This book had everything that I was looking for in a psychological thriller, and as the premise on Goodreads says it actually does have a twist that you will not see coming. Trust me that does not happen very often and there are times when I question where the big twist was. Honestly, half way through this book I was like I have it all figured out and how it was going to play out but I was totally wrong. Slater does a great job of not only surprising you having so many possibilities that you're not sure which one is right.

Slater has a strong story telling aspect in this book and I really enjoyed they way she decided to tell the story with the present, Toni before and the teacher before. It can take a bit to lead to the actual abduction of Evie so it was maybe a bit drawn out but Slater needed to lay the groundwork. It also gives you a great overview of what led up to Evie's disappearance as well as the list of suspects for taking Evie and they all seem to have a motive that they would act on that sends your brain spinning in so many different scenarios.

Toni is very real character who is suffering from the loss of her husband and everything psychological and financial burdens that comes with that. The only Light in her life is Evie and as much as she tries to be a good mother, she struggles throughout the past portions of the book. The choices that Toni does make does make her hard to like at times but at the still time you feel so sorry for her that you understand her in a way.

This is the first book that I have read by Slater and it will not be the last. Slater has a great story telling ability that has set the bar really high with this book, so I'm really looking forward to finding another book by her.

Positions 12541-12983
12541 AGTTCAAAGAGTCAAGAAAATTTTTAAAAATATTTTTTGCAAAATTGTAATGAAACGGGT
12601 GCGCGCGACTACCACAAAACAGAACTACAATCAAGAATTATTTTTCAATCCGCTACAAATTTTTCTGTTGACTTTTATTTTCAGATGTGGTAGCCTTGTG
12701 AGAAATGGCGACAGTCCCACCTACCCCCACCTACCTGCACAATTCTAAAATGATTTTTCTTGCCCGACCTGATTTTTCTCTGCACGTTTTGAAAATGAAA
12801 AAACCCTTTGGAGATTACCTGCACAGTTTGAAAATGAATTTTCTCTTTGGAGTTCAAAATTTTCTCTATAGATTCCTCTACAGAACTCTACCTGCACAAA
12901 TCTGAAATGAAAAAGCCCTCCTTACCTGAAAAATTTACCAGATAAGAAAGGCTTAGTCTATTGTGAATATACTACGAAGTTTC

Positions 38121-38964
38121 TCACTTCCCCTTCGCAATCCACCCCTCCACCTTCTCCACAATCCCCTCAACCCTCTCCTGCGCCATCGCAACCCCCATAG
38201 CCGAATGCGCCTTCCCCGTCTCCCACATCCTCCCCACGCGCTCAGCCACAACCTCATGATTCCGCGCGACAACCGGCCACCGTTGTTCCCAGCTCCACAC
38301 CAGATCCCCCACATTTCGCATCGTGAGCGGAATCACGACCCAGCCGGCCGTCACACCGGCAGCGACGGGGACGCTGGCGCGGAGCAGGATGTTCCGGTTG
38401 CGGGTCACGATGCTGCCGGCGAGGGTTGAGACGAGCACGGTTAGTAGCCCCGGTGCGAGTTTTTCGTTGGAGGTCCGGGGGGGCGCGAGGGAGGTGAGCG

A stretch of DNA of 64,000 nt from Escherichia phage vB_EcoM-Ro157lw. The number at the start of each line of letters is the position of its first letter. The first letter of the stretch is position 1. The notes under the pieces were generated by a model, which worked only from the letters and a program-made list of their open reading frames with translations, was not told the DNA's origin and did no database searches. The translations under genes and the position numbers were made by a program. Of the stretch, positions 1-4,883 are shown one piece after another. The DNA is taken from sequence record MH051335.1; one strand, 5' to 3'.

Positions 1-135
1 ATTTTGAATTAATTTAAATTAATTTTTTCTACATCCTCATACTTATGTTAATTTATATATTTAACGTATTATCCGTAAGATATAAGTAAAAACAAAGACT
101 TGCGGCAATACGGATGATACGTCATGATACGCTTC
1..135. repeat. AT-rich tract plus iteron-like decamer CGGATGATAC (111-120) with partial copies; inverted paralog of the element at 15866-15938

Enjoy!!!
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Friday, November 3, 2017

Interview: S. J. Kincaid

A little late for my Blogoversary this year, but that is okay, as this author was new to me and her novel The Diabolic was a great read. It melded together so many aspects that I enjoy in books, darkness, political power plays and a ruthless main character. I mean what is there not to love. Additionally, her second book in her Diabolic series, Empress, was just released this week so make sure you check that out as well. Please welcome to Blood Rose Books today:
S.J. Kincaid

My Grandma was instrumental in me turning out to be a reader. Was there a book or person who first influenced you in to becoming an author?
My Sister was the number one influence in this. She was older than me by four years, and I wasnt to be just like her. I used to follow her around and annoy her when she was playing with her friends. When she decided as a third grader that she loved writing, I decided to start writing too. It became my primary hobby from then onward.

If there was one author you could co-write a novel with (they can be alive or dead) who would you choose and why?
Actually, it would be an unpublished but extremely talented writer I've already co-written a novel with, on of my two best friends, Jamie. Thanks to her, I co-wrote the first ever manuscript I finished, and realized writing was a possible career for me. I've hoped ever since for a chance to write something with her one day. It was so much fun.

What appeals to you writing in the YA genre?